A: The creature you saw was probably the Southeastern five-lined skink, Eumeces inexpectatus but it could have been the Broad-headed skink, Eumeces laticeps or perhaps the five-lined skink, Eumeces fasciatus. The scientific name sounds like something right from a Harry Potter spell doesn’t it? I am not an expert herpetologist so it could be any of the three and they are difficult to distinguish from each other without looking at specific scale formations under the tail. It is unlikely that you or I would be handling them closely enough to determine scale formations.
The Southeastern five-lined skink is the most common skink found in Florida with the five-lined being the least common. Both five-lined skinks grow 6-8 inches in length whereas the broad-headed skink is the largest of the three reaching lengths of over 12 inches. Five-lined skinks may be found in almost any habitat, but are most common in wooded areas with an abundance of fallen trees and stumps to hide in.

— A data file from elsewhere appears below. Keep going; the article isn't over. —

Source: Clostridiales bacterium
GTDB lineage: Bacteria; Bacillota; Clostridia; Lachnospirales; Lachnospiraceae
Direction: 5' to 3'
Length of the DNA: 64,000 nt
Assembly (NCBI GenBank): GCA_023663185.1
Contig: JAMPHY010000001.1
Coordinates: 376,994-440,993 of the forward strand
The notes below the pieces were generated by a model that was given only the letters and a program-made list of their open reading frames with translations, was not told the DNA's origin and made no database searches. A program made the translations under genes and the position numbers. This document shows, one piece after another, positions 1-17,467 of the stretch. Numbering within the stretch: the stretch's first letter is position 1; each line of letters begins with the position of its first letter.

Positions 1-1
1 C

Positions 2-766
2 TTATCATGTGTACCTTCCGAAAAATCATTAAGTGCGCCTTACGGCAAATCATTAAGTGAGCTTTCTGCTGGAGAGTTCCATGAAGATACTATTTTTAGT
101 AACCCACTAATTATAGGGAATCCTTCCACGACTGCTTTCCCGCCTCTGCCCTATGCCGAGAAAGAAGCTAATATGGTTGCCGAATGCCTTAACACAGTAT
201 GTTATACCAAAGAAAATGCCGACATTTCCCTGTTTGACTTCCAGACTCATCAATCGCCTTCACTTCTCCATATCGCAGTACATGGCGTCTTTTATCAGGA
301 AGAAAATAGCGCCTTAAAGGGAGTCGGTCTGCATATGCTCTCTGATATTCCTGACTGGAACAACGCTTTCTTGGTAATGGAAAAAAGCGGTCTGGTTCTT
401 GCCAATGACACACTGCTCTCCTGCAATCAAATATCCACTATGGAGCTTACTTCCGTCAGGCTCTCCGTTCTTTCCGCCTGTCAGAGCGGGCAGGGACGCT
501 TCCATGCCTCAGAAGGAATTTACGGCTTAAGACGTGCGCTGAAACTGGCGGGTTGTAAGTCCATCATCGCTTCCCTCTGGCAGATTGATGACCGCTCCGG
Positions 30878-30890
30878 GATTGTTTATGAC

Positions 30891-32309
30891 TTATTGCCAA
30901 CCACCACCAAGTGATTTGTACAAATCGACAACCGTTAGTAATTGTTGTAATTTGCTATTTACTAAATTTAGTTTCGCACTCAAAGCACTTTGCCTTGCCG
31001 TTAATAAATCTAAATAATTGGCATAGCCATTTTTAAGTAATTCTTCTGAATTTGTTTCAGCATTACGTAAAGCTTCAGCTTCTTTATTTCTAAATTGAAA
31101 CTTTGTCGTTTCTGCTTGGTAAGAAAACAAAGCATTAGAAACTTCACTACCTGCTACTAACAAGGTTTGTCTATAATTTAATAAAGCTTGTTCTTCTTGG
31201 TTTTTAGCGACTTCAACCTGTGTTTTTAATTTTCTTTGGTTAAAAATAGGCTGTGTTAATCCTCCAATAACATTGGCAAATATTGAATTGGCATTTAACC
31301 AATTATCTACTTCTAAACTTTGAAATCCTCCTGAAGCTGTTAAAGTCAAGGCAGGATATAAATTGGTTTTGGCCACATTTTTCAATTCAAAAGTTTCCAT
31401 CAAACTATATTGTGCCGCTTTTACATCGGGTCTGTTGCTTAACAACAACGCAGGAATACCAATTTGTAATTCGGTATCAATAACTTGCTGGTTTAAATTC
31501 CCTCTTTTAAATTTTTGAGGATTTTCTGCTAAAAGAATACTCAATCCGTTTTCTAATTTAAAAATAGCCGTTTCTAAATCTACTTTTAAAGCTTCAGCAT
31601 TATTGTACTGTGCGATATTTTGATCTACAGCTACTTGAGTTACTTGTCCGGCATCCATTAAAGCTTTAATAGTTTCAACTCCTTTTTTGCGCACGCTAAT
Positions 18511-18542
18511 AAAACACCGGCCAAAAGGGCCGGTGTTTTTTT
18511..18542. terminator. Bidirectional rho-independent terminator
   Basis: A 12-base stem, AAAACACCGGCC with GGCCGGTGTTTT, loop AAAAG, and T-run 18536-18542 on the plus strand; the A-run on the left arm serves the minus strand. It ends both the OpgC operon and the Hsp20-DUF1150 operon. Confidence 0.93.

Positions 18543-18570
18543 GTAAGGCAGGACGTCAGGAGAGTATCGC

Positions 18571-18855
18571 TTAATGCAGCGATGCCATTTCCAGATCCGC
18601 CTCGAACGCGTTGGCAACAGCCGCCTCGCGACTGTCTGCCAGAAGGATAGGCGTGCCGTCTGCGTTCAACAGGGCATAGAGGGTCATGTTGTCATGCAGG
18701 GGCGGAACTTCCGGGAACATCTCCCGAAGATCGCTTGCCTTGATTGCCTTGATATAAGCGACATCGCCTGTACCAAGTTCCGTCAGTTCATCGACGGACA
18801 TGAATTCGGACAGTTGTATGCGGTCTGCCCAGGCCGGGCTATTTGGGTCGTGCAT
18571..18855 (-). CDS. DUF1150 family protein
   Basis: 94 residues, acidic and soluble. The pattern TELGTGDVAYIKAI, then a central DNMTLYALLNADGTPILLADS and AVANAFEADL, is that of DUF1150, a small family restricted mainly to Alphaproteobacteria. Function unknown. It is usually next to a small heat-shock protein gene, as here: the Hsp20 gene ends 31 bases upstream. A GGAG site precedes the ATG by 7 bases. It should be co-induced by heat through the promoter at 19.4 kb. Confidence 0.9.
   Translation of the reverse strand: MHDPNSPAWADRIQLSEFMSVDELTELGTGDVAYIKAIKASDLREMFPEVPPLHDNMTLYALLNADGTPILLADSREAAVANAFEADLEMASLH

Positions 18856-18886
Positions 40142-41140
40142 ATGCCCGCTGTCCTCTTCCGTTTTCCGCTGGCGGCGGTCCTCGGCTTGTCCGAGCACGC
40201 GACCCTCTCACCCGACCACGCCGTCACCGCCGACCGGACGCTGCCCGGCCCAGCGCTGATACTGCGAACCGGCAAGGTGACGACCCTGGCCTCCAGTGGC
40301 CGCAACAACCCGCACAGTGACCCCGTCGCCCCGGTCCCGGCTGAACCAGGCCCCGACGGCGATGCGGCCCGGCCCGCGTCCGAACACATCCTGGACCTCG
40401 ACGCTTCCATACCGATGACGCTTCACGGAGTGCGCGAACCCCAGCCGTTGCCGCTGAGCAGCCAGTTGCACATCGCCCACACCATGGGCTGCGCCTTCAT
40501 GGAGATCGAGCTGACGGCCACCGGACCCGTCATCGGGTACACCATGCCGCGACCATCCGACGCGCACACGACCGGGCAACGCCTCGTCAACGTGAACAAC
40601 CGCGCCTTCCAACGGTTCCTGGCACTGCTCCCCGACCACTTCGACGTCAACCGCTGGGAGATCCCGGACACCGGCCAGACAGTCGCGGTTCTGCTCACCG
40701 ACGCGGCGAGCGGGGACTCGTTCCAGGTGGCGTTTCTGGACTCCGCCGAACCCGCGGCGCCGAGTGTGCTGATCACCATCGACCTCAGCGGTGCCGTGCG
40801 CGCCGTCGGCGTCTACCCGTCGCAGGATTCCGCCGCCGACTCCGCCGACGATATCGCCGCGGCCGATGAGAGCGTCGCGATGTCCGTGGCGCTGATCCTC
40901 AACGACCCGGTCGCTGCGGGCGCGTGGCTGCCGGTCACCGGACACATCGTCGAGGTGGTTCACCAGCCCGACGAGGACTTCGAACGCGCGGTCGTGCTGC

Broad-headed skinks are more common along coastal regions but inhabit wooded areas as well. As you stated, they move incredibly fast. In fact, I had some difficulty getting a photograph of one in my yard. The body of the lizard is neutral gray, brown or black. The five stripes, from which its common name is derived, are white to cream colored. Young skinks have the distinctive bright blue tail, which caught your son’s eye. Once the skink reaches adulthood, the bright colored tail and stripes will fade. It will have a dull orange or red head but loses very little of its fast movement. They eat insects, spiders and small invertebrates; therefore we consider them beneficial animals to have around the landscape. Like many other lizards, they can lose their tail as a defensive mechanism.